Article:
I don't want to, so I'm going click Cancel, and Cancel again to get me back to my window. Again, I can choose Video and Audio or just Video or just Audio. I can also customize the size of my frame. So if I wanted to go the web, I could pick a very small size on the way out. I also can select my File Field Order, and again, my Aspect Ratio. I'm going to choose Same as Source so we don't have so many options to go over here, and I'll go ahead and save that out. If I had made some choices, I could save a template for using later.
I'll go ahead and save, and this is going to be a full QuickTime movie, so I'm just going to call this QT movie, and I'll save, and it exports. All right, so I have a QuickTime movie on my desktop. We'll look at it in just a second, but I first want to create one more type of file. If I right-click on the sequence and choose export again, instead of Send to QT movie, I'm going to choose QuickTime Reference. Then when I quick on Options, you see that it gives me a couple of other choices.
Again, I can use marks or use enabled tracks. I have the same file types within this menu, but it allows me to render all my video effects on its way out or it mix down the audio tracks. Now, why is it asking me this? When I export a QuickTime reference, it's not actually exporting a stand-alone movie. Rather, it's only exporting a pointer file. It points to my media on my drives. Therefore, if I have any non- rendered video or audio effects, that media obviously doesn't exist.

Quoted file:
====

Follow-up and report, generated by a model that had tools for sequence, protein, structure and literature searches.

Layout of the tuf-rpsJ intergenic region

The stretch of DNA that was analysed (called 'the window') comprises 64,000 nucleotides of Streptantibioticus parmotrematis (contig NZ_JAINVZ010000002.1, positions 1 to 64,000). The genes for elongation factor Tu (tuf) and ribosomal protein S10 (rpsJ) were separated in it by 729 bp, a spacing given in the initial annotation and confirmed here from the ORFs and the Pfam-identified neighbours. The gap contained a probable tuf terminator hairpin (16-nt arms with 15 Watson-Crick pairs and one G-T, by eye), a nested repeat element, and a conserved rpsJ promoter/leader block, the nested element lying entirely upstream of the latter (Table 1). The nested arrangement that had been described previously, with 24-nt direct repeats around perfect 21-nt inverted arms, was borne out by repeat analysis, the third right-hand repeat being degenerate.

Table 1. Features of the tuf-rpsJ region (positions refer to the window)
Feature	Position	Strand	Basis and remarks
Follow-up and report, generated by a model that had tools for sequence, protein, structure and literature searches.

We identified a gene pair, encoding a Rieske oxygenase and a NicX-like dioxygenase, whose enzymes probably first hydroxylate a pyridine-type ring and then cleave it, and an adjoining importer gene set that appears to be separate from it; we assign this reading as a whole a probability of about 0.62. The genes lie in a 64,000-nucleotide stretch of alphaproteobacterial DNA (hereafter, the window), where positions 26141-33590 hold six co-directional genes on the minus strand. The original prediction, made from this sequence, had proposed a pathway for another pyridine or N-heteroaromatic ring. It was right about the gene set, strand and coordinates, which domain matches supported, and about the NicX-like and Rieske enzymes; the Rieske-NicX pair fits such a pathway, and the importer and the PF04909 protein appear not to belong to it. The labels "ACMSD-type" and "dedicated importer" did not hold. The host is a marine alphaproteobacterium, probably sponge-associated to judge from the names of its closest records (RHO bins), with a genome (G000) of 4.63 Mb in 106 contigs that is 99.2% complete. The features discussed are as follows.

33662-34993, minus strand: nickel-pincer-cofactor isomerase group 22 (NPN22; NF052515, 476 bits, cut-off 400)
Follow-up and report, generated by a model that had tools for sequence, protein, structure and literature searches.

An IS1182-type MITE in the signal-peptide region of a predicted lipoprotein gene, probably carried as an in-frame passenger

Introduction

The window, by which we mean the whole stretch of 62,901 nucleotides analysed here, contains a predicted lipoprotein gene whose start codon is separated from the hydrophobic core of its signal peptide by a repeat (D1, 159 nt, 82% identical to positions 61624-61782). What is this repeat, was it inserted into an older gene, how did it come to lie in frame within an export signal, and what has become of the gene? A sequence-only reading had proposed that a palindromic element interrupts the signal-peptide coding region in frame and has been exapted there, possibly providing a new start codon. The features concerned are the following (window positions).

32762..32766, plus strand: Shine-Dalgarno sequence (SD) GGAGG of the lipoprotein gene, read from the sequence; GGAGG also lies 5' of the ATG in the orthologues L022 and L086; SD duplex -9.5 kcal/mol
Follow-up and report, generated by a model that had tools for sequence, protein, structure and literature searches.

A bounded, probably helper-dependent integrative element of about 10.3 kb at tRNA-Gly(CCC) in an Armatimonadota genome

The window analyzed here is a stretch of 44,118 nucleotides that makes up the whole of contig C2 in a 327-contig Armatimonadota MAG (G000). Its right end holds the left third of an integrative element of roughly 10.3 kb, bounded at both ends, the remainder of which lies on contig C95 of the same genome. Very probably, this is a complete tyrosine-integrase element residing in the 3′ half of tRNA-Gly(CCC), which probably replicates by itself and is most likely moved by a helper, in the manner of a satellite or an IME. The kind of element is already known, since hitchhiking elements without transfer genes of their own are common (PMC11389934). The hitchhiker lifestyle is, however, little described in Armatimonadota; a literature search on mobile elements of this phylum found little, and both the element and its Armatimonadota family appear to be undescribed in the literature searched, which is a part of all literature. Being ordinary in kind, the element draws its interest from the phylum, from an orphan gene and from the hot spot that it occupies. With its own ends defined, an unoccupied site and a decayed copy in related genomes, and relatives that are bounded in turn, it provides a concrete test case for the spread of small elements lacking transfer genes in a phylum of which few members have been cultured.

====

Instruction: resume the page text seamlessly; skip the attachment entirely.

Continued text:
Therefore, I can choose for it to render the video effects or mix down my audio tracks upon export. Now again, we've done the work ahead of time in making a video mixdown and an audio mixdown so we don't need to check those boxes. I'm going to click Save and I'm just going title this QT reference and save that out. And you can see that that was pretty much immediate. Again, it's not making any media; it's just making a pointer file. So, I'm going to minimize Avid, and here we have a QuickTime movie and a QuickTime reference.